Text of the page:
Why Libra passes the money test and bitcoin doesn’t

Fibo Quantum

Anyone who bought a bitcoin this past June for $17,000 is now looking at an asset worth about $9,000, a clear indication of its uselessness as a store of value. Libra would be different, say experts.

Reuters/Dado Ruvic/Illustration/File Photo

Private digital money just doesn’t work. Or so say the doubters, and they’ve been right. Wildly fluctuating cryptocurrencies — bitcoin and thousands of variants — have demonstrated that the miracle of blockchain-driven digital currencies, altcoins, crypto tokens and other forms of electronic cash cannot serve the role of money.

A true currency, as monetary economists have argued for more than a century, must have three core attributes before it can be described and accepted as money: It must be able to serve as a medium of exchange, a store of value and a unit of account, which means something that can be used as a steady measure to track the price and value of products, assets, business transactions, or to establish accounting reports.

Bitcoin fails two of the tests.

We could be one innovation away from something that could be seriously useful — and therefore seriously disruptive

Timothy Lane, deputy governor of the Bank of Canada

Anyone who bought a bitcoin this past June for $17,000 and stuck it in a digital wallet is now looking at an asset worth about $9,000, a clear indication of its uselessness as a store of value. Large value fluctuations also mean Bitcoin is chaotic as a unit of account.

Central banking systems, of course, use laws and regulations in an attempt to stabilize their currencies (a.k.a. public money) to meet the three tests.

But although Bitcoins fail as money, Libra could pass the tests, Timothy Lane, deputy governor of the Bank of Canada, said during a digital currency discussion in October at the Institute of International Finance. With the Libra stablecoin model, he said, “you actually do have stability of value, potentially.”


Perhaps the best real-world demonstration of the concept behind the Libra plan is the Hong Kong dollar, which is managed through a currency board structure rather than a formal central bank. Established in 1983, the Hong Kong Monetary Authority issues currency that is fully backed and exchanged, dollar for dollar, though a reserve of U.S. dollars at a fixed rate of around 7.8 HK$ per US$.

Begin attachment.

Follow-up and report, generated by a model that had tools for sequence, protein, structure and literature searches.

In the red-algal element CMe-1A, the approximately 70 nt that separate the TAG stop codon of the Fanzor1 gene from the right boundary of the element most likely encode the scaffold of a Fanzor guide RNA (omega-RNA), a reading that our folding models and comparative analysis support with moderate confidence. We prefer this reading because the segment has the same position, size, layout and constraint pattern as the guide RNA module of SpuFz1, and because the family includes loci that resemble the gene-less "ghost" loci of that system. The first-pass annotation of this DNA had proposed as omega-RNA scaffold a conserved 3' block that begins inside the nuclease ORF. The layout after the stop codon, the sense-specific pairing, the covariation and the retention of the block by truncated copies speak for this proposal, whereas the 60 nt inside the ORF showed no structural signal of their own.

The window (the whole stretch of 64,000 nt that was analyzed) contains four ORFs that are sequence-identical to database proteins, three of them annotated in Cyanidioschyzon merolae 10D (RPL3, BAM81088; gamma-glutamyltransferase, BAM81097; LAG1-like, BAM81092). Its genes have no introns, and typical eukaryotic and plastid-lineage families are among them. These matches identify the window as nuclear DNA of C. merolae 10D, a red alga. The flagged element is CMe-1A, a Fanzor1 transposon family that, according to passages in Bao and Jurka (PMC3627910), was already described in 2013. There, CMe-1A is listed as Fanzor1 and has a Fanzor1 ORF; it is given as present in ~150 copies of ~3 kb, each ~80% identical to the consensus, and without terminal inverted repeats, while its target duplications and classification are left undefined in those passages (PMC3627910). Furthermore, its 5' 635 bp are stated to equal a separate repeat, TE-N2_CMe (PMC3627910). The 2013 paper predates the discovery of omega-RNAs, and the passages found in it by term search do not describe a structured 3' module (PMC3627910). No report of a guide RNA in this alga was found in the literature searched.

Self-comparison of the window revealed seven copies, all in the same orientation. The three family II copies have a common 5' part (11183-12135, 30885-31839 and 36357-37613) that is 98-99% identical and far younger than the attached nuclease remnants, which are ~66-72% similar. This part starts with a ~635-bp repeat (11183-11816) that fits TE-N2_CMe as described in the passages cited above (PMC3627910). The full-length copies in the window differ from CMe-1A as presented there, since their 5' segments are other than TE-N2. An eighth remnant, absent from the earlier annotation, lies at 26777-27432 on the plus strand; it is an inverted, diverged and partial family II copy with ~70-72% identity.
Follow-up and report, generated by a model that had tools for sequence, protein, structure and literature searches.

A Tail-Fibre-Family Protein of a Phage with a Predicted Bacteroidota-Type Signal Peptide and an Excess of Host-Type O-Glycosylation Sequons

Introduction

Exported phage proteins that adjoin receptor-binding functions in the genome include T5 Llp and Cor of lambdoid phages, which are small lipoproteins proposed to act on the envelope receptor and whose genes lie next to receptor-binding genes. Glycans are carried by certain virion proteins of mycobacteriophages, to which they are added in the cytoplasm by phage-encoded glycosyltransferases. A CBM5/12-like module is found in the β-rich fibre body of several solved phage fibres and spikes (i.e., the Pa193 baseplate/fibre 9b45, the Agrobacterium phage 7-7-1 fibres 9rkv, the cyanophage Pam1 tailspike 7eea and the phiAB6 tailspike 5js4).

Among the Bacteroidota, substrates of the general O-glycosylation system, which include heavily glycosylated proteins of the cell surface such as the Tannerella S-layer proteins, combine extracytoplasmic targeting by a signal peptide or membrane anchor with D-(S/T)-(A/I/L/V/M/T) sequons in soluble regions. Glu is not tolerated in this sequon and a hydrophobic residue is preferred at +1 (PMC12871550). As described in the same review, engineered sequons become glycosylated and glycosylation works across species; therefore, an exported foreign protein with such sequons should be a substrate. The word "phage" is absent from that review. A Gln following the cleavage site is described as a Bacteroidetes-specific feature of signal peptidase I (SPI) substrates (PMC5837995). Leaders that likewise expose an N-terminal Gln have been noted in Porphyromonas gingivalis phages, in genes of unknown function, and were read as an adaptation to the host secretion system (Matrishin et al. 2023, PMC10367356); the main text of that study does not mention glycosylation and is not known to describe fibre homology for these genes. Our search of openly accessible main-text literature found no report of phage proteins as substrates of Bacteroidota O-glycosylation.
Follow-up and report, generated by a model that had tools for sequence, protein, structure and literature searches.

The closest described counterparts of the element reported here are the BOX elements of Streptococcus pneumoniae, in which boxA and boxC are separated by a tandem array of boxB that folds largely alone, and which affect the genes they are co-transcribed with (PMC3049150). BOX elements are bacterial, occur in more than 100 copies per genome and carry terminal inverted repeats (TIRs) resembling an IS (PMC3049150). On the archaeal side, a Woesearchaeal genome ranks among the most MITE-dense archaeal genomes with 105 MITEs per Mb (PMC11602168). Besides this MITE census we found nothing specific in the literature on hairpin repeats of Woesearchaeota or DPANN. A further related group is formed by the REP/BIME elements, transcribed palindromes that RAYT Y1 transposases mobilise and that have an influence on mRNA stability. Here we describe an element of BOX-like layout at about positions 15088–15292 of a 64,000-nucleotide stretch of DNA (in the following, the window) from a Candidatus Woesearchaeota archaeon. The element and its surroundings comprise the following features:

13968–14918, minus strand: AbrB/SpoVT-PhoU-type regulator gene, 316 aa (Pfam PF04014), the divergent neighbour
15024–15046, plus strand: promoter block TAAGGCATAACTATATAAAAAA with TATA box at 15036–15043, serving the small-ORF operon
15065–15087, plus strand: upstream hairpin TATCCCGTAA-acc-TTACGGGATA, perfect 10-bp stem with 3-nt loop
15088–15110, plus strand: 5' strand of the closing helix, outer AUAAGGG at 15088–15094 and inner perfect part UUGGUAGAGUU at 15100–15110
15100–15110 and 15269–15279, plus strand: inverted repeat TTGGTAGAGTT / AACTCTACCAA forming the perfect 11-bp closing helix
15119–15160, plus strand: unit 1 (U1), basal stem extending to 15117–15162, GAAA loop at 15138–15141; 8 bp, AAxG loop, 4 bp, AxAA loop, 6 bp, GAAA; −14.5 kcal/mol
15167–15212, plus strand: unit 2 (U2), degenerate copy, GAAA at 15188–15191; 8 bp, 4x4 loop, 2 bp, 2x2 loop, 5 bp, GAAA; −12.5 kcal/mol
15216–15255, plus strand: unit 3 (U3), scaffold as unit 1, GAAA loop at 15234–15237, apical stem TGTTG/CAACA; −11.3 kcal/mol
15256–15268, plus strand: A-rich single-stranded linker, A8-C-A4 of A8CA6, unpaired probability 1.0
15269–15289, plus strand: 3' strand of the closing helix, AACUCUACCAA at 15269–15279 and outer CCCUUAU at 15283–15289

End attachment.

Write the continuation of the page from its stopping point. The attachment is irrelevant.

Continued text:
If the HK$ exchange rate declines, the monetary authority is legally bound to start buying HK$ to maintain the 7.8 rate. If the HK$ rises, the authority must sell HK$. For every HK$ in circulation, the authority holds a corresponding reserve of U.S. dollars. In November, the reserve held US$460-billion.

As a result, the Hong Kong currency has remained rock steady through the mass anti-Communist demonstrations of the last year.

One of the world’s leading currency board experts, Johns Hopkins University monetary economist Steve Hanke, said Facebook’s Libra proposal is “exactly like a currency board.”

Hanke advised Bulgaria on the 1997 establishment of the small European nation’s successful currency board setup. The Bulgarian currency, called the lev, is essentially “a clone of the euro” in the same way the HK$ is fixed to the US$. Libra “would be a clone of a basket of currencies” instead of one currency, he said in an interview.

As a currency board operation, every Libra issued by the Libra Association (based in Switzerland) would be fully backed by a reserve of foreign currencies. Hypothetically, the basket could include 80 per cent U.S. dollars, 10 per cent euros, seven per cent Japanese yen and three per cent Canadian dollars.

Hanke added the currency board proposal in the Libra reserve plan may be premature and lack economic rigour, but “there is no problem with Libra.” One of the major potential benefits of a private electronic currency is that it “could wipe out all the crappy central bank currencies in the developing world.”

Facebook Inc. chief executive Mark Zuckerberg told the U.S. House Financial Services Committee that members of the Libra group have met with regulators in 30 countries. The Bank of Canada said it does not disclose meetings with outsiders, but it is almost a certainty that Libra officials have met with Canadian officials, which may explain the bank’s supportive views. “We could be one innovation away from something that could be seriously useful — and therefore seriously disruptive,” Lane said.

The deputy governor also envisaged the existence of a digital currency issued by the Bank of Canada, known as a Central Bank Digital Currency, assuming the federal government, including Finance Canada, agrees to such a move.

Under that scenario, both Libra and central bank digital money could simultaneously exist, a proposal recommended by associates of Princeton University economist Harold James in “The Digitization of Money,” a paper published in August in response to the Libra proposal.

In effect, James and colleagues propose “interoperability” between, say, a Bank of Canada digital dollar and a Libra backed by the technology platform operated by Facebook and associated companies.

In that scenario, central banks would still retain control over monetary policy while private money would provide the platform for payments and currency exchange nationally and globally.

Maybe it is not premature to say “Vive le Libra!”

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